In case you missed it last night or this morning, this week, WikiLeaks dropped the largest intelligence agency leak in history, dropping well over 8000 confidential CIA documents outlining the agency's illicit spying tactics amongst other activities. The first drop in a series of coming ‘Vault 7' leaks alleged that the CIA has been hording exploits for Apple and Android devices, Windows PCs and even smart TVs. As you might imagine, this has prompted questions for Apple, Microsoft, Google and Samsung, most of which have supplied statements on the leaks.
The BBC got in touch with Apple, Samsung, Google, the Linux Foundation and Microsoft for statements on the latest leaks, Linux and Google both declined to comment but may have something to say once the documents have been analysed. A Microsoft spokesperson did say that the company “is aware” of the leak and will be monitoring it closely.
Samsung, whose smart TVs were directly named as targets for CIA hacking in leaked documents offered a fairly short but reassuring statement: “Protecting consumers' privacy and security of our devices is a top priority at Samsung. We are aware of the report and are urgently looking into the matter”.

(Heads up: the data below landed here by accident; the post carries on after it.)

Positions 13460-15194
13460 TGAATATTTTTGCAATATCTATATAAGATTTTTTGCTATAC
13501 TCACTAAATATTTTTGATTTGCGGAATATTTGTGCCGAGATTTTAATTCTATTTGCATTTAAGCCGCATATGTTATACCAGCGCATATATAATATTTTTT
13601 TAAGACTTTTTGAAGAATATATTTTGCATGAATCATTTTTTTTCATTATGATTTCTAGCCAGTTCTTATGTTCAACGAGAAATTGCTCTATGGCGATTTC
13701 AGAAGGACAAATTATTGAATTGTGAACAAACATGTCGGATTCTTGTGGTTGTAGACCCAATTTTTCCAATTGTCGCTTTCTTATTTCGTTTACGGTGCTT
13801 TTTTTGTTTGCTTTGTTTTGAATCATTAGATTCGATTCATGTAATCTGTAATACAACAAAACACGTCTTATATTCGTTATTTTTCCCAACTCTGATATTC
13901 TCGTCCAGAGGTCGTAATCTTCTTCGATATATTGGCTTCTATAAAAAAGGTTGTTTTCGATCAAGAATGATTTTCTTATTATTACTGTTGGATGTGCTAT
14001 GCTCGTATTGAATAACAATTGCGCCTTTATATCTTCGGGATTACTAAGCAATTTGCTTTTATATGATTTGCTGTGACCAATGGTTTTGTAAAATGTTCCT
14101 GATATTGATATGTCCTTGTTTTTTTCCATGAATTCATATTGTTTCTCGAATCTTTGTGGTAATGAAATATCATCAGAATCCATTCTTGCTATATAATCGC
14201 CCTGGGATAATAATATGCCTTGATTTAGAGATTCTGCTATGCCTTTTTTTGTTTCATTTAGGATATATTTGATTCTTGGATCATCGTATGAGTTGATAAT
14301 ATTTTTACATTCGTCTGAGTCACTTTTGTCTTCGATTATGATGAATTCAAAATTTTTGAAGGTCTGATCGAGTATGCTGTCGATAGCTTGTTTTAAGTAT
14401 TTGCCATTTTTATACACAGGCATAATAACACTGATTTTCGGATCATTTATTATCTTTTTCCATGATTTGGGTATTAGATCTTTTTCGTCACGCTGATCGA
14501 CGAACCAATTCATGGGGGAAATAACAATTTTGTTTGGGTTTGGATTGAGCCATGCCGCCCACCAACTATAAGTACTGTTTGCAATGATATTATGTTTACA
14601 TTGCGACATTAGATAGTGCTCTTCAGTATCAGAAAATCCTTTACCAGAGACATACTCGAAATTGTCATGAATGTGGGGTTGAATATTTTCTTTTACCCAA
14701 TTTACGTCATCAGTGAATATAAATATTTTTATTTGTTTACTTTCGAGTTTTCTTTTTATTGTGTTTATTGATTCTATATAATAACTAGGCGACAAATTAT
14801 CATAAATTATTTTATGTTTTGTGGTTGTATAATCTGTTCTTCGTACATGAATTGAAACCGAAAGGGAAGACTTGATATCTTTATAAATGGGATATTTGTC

Apple had the most to say on the subject, which isn't surprising given the company's high-profile court battles with the FBI over encryption and iPhone hacking. An Apple spokesperson explained that iOS is “designed to quickly get security updates into the hands of customers”, adding that “nearly 80 percent are already running the latest version of the operating system”. They continued to say that the company's initial analysis indicates that “many of the issues leaks were already patched in the latest iOS” but the company will rapidly address any additional issues.
KitGuru Says: These leaks went as far as to assert that the CIA planted its own coders within giant tech companies like Google and Microsoft, so they probably have a little more investigating to do on their end before they can speak out on the subject. Still, this Vault 7 stuff sure is huge, so it will be interesting to hear what these companies have to say. I imagine it will be a huge subject for debate over the course of 2017.